Washington Evening Journal
111 North Marion Avenue
Washington, IA 52353
WASHINGTON — Federal, state and local authorities held a lengthy Zoom call Wednesday morning to discuss drought event preparation. The virtual meeting was the fourth and final for a mix of state authorities looking to develop flood mitigation plans across Iowa.
“We started earlier in July in Sioux City, we went to Cedar Rapids, we went to Creston, and we’ve been talking with people all across Iowa about drought and ideas for how to better prepare and mitigate and respond to drought,” said Iowa Department of Homeland Security and Emergency Management Recovery Planner Sarah Eggert.
Those agencies — including the state departments of agriculture, natural resources, and homeland security and emergency management — expect to have a drought response plan drafted by October of this year.
Tim Hall, hydrology resources coordinator for the DNR, said the meetings would ensure local-level input on those plans.
“We, as state agency members and scientists and planners and policymakers, we oftentimes think we know more about local impacts than we perhaps sometimes do,” he said. “So we want to hear from you about what makes sense for the state of Iowa. We want to be able to prepare for an respond to drought conditions.”
Hall said that conversation was important to policymakers.
"We’re trying to get information from all geographic areas of the state, all sector areas, not just agricultural, not just water utilities,“ he said. ”That’s why we’re having these discussions. What we’re doing today is not a box-checking exercise … your input is going to make this drought plan better.“
Agencies hope to implement a comprehensive, statewide response plan. Hall said a response to drought events should not go improvised.
“We’ve had a lot of droughts that occur on a regular basis, and I think the state has responded fairly well to those events, but that doesn’t mean they can’t be better prepared,” he said. “Whether that’s preplanning, coordination between state and local agencies, better communication and pre-response … We don’t want to be in the middle of a drought and figure out which people to pull together and then what we need to do. Doing that on the fly is not particularly effective.”
The problem has been showcased in Southeast Iowa recently as a moderate drought was declared in the area last week, and has since spread west according to a U.S. Drought Monitor report released Thursday morning.
Iowa Department of Agriculture State Climatologist Justin Glisan said problems would likely get worse in the near future as temperatures rise.
“Pure physics say any increase in the atmospheric temperature necessitates an increase in the amount of water that can be held in the atmosphere,” he said. “We get more evaporation (and) it takes more water vapor loading … those are the trends that we’re going to see across the state moving forward.”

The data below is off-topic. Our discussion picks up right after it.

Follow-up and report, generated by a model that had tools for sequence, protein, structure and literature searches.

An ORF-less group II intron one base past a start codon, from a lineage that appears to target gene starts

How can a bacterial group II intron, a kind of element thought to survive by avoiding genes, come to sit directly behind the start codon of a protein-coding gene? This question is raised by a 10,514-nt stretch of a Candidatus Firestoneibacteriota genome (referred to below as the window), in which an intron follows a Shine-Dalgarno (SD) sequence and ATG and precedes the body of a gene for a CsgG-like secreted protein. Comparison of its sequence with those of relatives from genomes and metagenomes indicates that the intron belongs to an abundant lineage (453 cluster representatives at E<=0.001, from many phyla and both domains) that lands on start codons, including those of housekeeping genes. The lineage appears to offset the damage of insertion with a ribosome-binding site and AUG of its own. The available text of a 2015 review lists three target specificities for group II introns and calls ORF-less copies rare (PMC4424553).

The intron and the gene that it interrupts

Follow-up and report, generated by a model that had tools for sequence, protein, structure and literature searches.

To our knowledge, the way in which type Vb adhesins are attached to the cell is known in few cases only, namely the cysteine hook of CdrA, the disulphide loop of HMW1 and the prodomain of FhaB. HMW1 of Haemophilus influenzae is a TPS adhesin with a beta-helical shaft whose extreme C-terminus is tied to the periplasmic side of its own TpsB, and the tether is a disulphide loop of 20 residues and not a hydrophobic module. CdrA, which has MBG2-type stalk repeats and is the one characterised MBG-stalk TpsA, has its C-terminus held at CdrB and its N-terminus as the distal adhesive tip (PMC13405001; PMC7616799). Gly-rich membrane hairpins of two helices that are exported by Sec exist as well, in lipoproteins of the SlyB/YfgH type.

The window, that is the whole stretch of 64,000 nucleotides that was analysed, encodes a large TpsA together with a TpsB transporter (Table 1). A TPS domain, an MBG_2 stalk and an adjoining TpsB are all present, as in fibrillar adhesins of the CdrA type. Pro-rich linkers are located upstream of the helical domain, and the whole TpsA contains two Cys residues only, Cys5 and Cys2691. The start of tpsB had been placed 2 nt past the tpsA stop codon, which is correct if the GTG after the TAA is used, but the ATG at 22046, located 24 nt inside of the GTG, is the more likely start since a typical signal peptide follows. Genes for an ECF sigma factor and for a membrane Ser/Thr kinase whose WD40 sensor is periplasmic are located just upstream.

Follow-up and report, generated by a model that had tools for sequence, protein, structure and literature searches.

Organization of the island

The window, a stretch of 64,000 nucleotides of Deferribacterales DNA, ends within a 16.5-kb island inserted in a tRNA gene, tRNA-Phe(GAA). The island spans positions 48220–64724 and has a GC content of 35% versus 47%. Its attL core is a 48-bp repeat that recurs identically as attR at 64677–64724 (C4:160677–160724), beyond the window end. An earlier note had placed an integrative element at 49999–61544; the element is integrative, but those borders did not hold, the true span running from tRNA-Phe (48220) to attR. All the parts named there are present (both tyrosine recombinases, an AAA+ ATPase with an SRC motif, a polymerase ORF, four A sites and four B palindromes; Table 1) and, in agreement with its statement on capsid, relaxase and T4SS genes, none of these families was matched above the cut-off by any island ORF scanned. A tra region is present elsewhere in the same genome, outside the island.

Glisan said the issue was top-of-mind for Iowans, where the mix of water-dependent crop production, rising frequency and severity of drought and lack of preparation makes the state one of the nation’s biggest water concerns.
“Three states on there have a ‘very high’ vulnerability index, Montana, Oklahoma and Iowa,” he said. “The drought plan will really help us address all of these things in terms of our sensitivity to drought but also how vulnerable we are across our stakeholder regimes.”
Washington County Supervisor Richard Young and Emergency Management Coordinator Marissa Reisen tuned into the meeting from the emergency communications building.
Reisen said emergency response involvement made sense for drought issues, but presented an unconventional change of pace for the department. Unlike fires or severe weather events, droughts don’t wreak havoc overnight.
“While this isn’t a disaster that you can see like a storm is, it still could be disastrous,” she said. “This is kind of weird for us because there’s just not much that you can do … the response to it isn’t anything emergent, it’s a slow trickle of things getting worse.”
Because of their slower nature, Reisen said establishing a tipping point where drought events trigger an emergency response would be difficult.
“When are we officially in a bad place or a place that’s going to get worse?” she said. “To have that point where we have our call to action … it’s so big-picture, but it’s something that we definitely need.”
Responses to too-low precipitation are limited. Reisen said some areas of focus in a mitigation plan would likely include ways to minimize crop loss, keep high-priority users like fire stations and hospitals supplied, and communicate conditions to the public.
“We’ve got the Alert Iowa system that we can use to push messages to people based on geography, based on things they register for,” she said. “That’s going to be my focus … to keep pushing people to sign up for Alert Iowa so they can get warnings.”